Bonnie Dittel Laboratory Versiti Blood Research Institute
Research Interests | Immunobiology
The focus of our research program is to investigate cellular and molecular mechanisms involved in the regulation of inflammation. Inflammation is a component of virtually every disease and if not controlled can lead to severe tissue damage. The primary disease model utilized in the laboratory is the mouse model of multiple sclerosis (MS), experimental autoimmune encephalomyelitis (EAE). MS is an autoimmune disorder of the central nervous system (CNS) and is characterized by focal areas of inflammation. In past studies, we have extensively utilized EAE to study negative immune regulatory mechanisms that keep inflammation in check within the CNS.
Bonnie N. Dittel, PhD
Dr. Gilbert C. White II Endowed Faculty Chair, Senior Investigator
Department of Microbiology and Immunology
Medical College of Wisconsin
Blood Research Institute Versiti
Education and Training
University of Minnesota, Ph.D., 1994
B Cell IgD Low (BDL) Regulatory B Cells
B cell regulation of autoimmunity was first demonstrated by us in the EAE model, whereby B cell deficient (BCD) mice were unable to recover from the clinical signs of EAE.
Figure 1: An illustration of EAE disease in B cell deficient (BCD) mice. BCD mice (green dotted line) do not recover from the signs of EAE like their wild-type (WT (solid blue line)) counterparts. When BCD mice are adoptively transferred BDL (red line) prior to EAE induction, the mice undergo recovery similar to WT mice.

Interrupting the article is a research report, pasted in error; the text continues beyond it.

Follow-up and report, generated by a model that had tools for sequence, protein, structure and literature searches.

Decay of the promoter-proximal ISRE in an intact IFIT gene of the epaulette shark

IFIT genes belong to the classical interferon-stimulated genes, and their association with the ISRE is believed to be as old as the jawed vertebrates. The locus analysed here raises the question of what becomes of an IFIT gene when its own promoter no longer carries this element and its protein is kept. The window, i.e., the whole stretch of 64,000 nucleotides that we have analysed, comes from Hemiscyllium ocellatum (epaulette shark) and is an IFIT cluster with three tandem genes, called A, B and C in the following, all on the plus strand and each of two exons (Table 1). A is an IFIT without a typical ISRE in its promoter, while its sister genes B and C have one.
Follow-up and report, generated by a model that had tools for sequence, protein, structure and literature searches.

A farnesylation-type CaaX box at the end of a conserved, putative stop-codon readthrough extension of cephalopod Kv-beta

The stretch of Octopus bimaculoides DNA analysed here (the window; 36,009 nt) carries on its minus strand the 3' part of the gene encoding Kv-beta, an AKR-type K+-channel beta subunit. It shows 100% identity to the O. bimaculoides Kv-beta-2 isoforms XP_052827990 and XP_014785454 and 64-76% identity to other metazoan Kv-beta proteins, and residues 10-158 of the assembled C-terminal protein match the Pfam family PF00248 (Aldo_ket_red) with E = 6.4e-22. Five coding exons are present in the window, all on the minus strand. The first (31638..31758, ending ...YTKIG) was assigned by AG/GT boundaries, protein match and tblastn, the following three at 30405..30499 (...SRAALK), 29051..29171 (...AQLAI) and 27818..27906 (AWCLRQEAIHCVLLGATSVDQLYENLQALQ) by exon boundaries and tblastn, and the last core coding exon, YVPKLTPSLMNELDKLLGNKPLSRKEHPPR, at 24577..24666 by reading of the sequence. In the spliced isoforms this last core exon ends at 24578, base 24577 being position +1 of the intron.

In our subsequent studies, we discovered a new regulatory subset of B cells termed B Cell IgD Low (BDL), named due to their low level of IgD expression. We found that adoptive transfer of BDL into BCD promoted recovery from EAE. Specifically, BDL negatively regulate the severity of EAE inducing CD4 Foxp3 T regulatory cells (Treg) expansion in a GITRL-dependent manner.
Figure 2: BDL induce Treg proliferation in a GITRL-dependent manner. BDL depicted in green including their cell surface phenotype engage CD4+Foxp3+ T regulatory (Treg) (blue) via GITRL, which binds to its receptor GITR on Treg thereby promoting their proliferation and expansion.
Thus, our findings indicate that BDL play an essential role in Treg homeostasis whereby they maintain Treg numbers at a sufficient level to dampen inflammation. Current studies are investigating the development, phenotype and localization of this novel subset of regulatory B cells. These studies are being advanced using single cell RNA sequencing (scRNAseq), which we are utilizing to further define the BDL subset in mouse and humans.
BDL-based Adoptive Cell Therapy (ACT)
The ultimate goal of our research is to develop a BDL-based universal ACT for the treatment of autoimmunity and other inflammatory disorders. To accomplish this goal, Dr. Dittel was recently awarded an NIH Director’s Transformational Research Award. The strategy is to develop a mouse prototype that escapes rejection by the immune system while potently increasing Treg cell numbers to achieve attenuation of EAE. Using knowledge gained from the mouse, a human BDL-based ACT will be generated and tested in humanized mouse models.
Figure 3: Strategy to generate a BDL-based universal adoptive cell therapy (ACT). To prevent allorecognition and rejection, expression of MHC class I and II molecules will be eliminated. To prevent NK killing of the MHC class II- cells, HLA-G will be expressed. To maintain survival of the ACT, an IgM+ parent cell will be selected. Overexpression of GITRL will promote Treg expansion. Redundant suicide mechanisms will be introduced to control the number of the BDL ACT after administration to patients.
Post-doc opportunities are available to work on BDL focused projects. To express interest please contact Dr. Dittel at firstname.lastname@example.org
Neuroscience Research Center Imagine More, Medical College of Wisconsin
RG-1901-33315, National Multiple Sclerosis Society
R01AI160244-01, NIAID- NIH Director’s Transformative Research Award